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Systematics Section / ASPT

Weeks, Andrea [1], Simpson, Beryl [2].

Molecular phylogenetic analysis of Commiphora (Burseraceae) yields insight on the evolution of an "impossible" genus and the effects of multiple datasets on lineage dating.

Expansion of the arid zone of sub-Saharan tropical Africa during the Miocene is posited as a significant contributing factor in the evolution of contemporary African flora. Despite this, few studies have investigated the historical biogeography of plants within this zone as opposed to around it. The high species diversity of Commiphora (Burseraceae) within this region makes it an ideal taxon with which to test the timing of diversification events in dry-adapted species. However, aspects of Commiphora's life history, such as its predominantly dioecious breeding system, deciduous habit, its tendency to produce flowers prior to developing mature leaves, and its distribution in remote areas have effectively prevented a comprehensive revision of its species and sections. A recent author pegged Commiphora as an "impossible" genus in reaction to this combination of traits. Here we present the first molecular phylogeny of Commiphora species in order to test the monophyly of the current taxonomic sections and to identify well-supported clades that will help direct future study of this species-rich and geographically widespread taxon within an evolutionary framework. We use DNA sequence data from the nuclear external transcribed spacer region (ETS) and two chloroplast markers, the psbA-trnH intergenic spacer and the rps16 intron, to generate the phylogeny. Our taxon sampling covers approximately one-fifth of the genus (39 spp.) and includes species from most of the major geographic regions of Commiphora's distribution, including Africa, Madagascar, south Asia and South America. We use multiple fossil calibrations of Commiphora phylogeny, based on separate and combined sequence datasets, to determine the timing of well-supported diversification events. We then interpret these age estimates in light of past climate change and continental movements in order to determine the relative contributions of vicariance and dispersal in the expansion of Commiphora's geographic range.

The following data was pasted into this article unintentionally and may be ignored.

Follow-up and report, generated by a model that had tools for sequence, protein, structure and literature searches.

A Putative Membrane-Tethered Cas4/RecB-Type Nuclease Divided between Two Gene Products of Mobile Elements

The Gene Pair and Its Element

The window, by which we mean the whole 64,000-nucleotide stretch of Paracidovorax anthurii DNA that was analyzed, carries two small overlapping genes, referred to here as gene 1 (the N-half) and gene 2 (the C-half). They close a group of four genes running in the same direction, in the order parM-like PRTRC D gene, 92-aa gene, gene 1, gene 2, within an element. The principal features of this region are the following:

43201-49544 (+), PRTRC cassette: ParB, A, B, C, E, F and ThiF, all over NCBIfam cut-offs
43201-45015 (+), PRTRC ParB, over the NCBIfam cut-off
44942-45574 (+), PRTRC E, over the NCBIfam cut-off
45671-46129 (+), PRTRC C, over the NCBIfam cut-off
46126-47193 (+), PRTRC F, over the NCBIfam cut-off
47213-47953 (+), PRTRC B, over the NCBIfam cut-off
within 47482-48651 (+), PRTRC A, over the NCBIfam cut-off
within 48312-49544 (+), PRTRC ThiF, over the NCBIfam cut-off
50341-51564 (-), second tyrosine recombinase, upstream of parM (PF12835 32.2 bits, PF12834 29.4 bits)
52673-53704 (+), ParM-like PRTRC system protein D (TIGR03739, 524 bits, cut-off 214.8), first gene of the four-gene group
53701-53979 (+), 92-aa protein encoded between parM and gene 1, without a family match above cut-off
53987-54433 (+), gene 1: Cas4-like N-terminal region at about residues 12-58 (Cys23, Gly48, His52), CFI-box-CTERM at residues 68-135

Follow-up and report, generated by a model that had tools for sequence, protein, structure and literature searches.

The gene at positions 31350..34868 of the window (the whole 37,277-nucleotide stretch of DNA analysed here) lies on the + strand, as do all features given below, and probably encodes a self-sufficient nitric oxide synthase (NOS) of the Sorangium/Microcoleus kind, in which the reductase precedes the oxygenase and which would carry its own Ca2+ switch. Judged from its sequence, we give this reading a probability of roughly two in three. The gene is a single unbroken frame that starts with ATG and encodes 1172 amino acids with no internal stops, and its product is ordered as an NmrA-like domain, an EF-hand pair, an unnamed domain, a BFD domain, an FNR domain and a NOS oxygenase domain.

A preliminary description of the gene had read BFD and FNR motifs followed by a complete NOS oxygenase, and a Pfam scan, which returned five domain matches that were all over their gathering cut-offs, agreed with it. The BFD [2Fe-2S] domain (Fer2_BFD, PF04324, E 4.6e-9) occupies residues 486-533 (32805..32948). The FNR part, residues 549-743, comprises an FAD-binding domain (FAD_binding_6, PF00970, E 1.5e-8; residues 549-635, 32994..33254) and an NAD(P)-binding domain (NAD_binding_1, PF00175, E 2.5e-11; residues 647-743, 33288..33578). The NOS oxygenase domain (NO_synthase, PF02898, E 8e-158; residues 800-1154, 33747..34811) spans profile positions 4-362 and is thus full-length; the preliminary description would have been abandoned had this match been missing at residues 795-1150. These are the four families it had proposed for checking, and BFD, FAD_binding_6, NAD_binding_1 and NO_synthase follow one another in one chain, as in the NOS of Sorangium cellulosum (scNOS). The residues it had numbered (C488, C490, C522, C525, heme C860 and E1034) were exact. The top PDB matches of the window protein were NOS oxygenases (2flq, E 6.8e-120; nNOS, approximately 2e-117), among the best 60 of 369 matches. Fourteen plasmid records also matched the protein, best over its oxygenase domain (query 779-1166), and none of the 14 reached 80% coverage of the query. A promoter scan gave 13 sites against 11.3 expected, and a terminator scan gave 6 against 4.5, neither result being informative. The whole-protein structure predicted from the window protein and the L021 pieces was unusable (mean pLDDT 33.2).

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1 - George Mason University, Department of Environmental Science and Policy 5F2, Fairfax, Virginia, 22030, USA
2 - University of Texas at Austin, Plant Resources Center and Section of Integrative Biology, 1 University Station A6720, Austin, Texas, 78712, USA


Presentation Type: Oral Paper
Session: 25-7
Location: 410/Hilton
Date: Tuesday, August 16th, 2005
Time: 9:30 AM
Abstract ID:460

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